"The slowing down of the economic activities still use to take a heavy toll on the aviation industry here like elsewhere in the world and so the air travel keeps of suffering, more so as we don't have a tourist industry in the real sense of the world. In other words, whatever little foreign traffic — be it business or personal — was coming into the country has come to an almost full stoppage and under the present tension between India and Pakistan the present situation is just not good for the aviation industry of the country.
'What poses even more problems for the CAA is that the PIA as well as the remaining two private airlines as well as all of that who have closed their operations owe CAA huge sums of money. PIA owes CAA over Rs 6 billion while Aero Asia and Shaheen Air owe us Rs 300 million each in dues which are outstanding for years. As of January 1 this year, the CAA has slashed its landing, parking and housing charges by 90 per cent on the domestic sector for the convenience of the three airlines till end this month and its very likely that we will extend it. The reduced charges has helped PIA to save Rs 22 million alone in the first six month of this year and will also provide a welcome relief to the other two private airlines."
Rejecting the reports perpetually appearing in the media that CAA's aeronautical charges are high, Sethi said that it is just not so. "Don't compare Karachi Airport with other counterparts in the region, for instance Dubai which is the only international airport of the country and where the civil aviation authority owns not only the cargo handling company Dnata but is allowed to own and operate duty free shops and the head of the national flag carrier is also the head of the authority. Not a single foreign airline has ever asked the CAA to reduce its tariffs."
He also rejected the reports that high jet fuel prices is one of the major reason for reduction in operations of foreign airlines in the country. "Jet fuel prices in Pakistan is the cheapest in the region, even lower than that in Dubai, and that's why despite the prevalent situation jet fuel sales at Karachi Airport has more than doubled during the first six months of this year — $ 5.4 million compared to $ 2.5 million compared to the same period last year. As fuel makes up the largest single expense of any airline — almost one-third of the total expenditure — the low jet fuel prices have resulted in increased technical landings, landings neither for cargo nor passenger pick-up but to get only the fuel, by the foreign airlines into the country. The CAA's decision to slash its technical landing charges by 50 per cent in September 2000 is finally paying a dividend — for instance Air France which was having technical landings of an average 10 flights a week increased its frequency to 40 flights per week. Though Air France stopped its operations later, technical landings by many other foreign airlines have registered a substantial increase."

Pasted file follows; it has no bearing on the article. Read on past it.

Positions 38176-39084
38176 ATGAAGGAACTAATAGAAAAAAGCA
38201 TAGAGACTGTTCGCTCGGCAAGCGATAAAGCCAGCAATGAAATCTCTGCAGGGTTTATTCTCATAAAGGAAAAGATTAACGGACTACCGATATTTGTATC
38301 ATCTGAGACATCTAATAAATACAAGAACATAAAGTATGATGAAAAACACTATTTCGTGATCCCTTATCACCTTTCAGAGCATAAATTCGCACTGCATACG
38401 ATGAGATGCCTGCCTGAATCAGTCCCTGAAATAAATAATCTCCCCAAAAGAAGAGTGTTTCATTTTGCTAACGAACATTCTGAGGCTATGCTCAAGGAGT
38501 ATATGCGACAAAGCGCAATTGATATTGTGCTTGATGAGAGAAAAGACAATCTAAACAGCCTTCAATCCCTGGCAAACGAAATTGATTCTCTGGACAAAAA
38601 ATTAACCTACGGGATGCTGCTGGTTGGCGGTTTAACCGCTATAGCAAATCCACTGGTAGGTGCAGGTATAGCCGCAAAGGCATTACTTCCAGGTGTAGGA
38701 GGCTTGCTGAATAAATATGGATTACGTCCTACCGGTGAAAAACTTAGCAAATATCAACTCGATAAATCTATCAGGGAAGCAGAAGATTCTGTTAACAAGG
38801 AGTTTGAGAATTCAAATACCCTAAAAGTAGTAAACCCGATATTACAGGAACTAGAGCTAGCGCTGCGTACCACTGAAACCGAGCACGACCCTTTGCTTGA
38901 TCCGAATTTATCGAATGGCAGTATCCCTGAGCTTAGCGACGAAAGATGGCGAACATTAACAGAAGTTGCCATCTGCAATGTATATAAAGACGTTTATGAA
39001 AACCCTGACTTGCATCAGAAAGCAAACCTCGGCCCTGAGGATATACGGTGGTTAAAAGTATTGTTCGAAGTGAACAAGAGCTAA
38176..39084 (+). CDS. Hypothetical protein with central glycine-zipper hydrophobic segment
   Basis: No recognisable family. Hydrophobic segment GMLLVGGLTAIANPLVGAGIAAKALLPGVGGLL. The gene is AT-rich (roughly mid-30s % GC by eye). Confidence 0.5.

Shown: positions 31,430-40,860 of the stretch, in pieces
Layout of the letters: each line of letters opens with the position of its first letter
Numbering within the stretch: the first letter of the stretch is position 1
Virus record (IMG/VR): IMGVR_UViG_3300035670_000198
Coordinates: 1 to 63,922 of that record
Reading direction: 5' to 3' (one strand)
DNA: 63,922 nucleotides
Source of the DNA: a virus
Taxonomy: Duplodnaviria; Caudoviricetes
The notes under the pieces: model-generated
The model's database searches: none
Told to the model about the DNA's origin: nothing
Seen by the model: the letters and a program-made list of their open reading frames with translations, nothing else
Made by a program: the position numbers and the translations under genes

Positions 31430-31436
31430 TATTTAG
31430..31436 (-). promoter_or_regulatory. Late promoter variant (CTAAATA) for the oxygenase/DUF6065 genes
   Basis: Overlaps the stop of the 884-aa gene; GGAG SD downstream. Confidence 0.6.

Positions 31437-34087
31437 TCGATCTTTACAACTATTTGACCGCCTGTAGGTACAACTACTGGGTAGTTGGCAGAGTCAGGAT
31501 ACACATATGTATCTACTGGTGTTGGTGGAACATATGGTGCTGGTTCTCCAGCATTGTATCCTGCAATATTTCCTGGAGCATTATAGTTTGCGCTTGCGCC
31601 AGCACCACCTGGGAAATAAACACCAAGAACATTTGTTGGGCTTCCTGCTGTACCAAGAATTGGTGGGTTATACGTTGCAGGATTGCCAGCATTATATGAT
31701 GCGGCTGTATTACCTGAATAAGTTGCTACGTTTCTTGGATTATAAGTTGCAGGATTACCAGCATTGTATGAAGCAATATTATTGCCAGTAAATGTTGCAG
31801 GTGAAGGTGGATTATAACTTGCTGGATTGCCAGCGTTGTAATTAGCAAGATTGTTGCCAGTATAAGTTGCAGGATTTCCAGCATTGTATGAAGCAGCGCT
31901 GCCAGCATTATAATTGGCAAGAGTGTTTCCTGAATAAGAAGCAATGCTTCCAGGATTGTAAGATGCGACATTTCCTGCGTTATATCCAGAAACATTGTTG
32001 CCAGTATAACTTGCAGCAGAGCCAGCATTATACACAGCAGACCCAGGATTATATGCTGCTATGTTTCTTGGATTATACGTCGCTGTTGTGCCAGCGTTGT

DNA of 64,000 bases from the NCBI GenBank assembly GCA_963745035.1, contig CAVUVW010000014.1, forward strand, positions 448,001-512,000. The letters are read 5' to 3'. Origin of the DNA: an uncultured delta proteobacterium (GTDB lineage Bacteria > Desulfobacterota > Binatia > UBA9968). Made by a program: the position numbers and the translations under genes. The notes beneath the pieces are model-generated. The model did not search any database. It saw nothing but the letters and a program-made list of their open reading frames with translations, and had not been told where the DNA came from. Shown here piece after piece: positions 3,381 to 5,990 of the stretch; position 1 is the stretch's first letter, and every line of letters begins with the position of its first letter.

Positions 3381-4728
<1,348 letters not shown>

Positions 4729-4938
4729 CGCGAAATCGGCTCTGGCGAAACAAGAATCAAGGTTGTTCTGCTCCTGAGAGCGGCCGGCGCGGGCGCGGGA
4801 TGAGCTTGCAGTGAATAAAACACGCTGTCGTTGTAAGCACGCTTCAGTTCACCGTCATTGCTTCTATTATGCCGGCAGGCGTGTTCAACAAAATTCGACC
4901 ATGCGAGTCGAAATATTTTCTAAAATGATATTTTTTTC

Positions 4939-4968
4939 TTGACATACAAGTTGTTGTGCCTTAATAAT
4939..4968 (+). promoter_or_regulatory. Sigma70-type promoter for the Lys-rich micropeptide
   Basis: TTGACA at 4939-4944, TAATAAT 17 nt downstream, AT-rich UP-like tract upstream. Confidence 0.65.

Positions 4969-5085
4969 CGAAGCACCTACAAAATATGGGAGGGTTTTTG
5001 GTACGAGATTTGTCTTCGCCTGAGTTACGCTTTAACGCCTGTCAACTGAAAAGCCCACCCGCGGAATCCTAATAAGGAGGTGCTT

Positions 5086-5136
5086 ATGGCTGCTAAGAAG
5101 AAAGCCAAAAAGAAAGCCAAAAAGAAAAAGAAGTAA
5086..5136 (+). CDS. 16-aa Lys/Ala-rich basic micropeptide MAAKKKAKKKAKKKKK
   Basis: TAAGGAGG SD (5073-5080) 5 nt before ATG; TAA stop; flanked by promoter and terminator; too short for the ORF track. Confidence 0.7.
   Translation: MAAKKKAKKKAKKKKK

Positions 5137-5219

Sethi said that unlike the rest of the world the CAA is still heavily dependent on its aeronautical revenue which make up about 85 per cent of its revenue from all sources. Globally the ratio between aeronautical and non-aeronautical revenue in the rest of the world is almost equal but various factors hamper the growth of the non-aeronautical revenue for the CAA here."
COMPENSATION FOR LOSS
Sethi informed PAGE that the authority has approached the Ministry of Defence to approach the relevant US authorities to compensate for an average $ 3 month loss the CAA is suffering since September last year. He also informed PAGE that CAA has received the ISO 9002 certification on the 4th of this month. "This is our commitment for quality and our contribution to operational safety, quality flying standards, air worthiness and licensing procedures."
The major problems faced by aviation industry of Pakistan revolve round reduced volume of air passenger, undeclared price war on both the domestic and foreign sectors, extremely poor financial health of the PIA, absence of level playing field, and drastic increase in insurance costs.
The various players; PIA, private airlines and CAA, have to work together to find solutions of the above issues which can make or break the industry. The role of foreign operators and the continuation of open sky policy in the absence of bilateral agreements would keep on favouring the foreign operators at the cost of the domestic operators.
Much has been done but much still remains to be done to develop the national aviation industry on sound footing for the ultimate of the national economy and to provide travellers with real choice in terms of fare as well as facilities.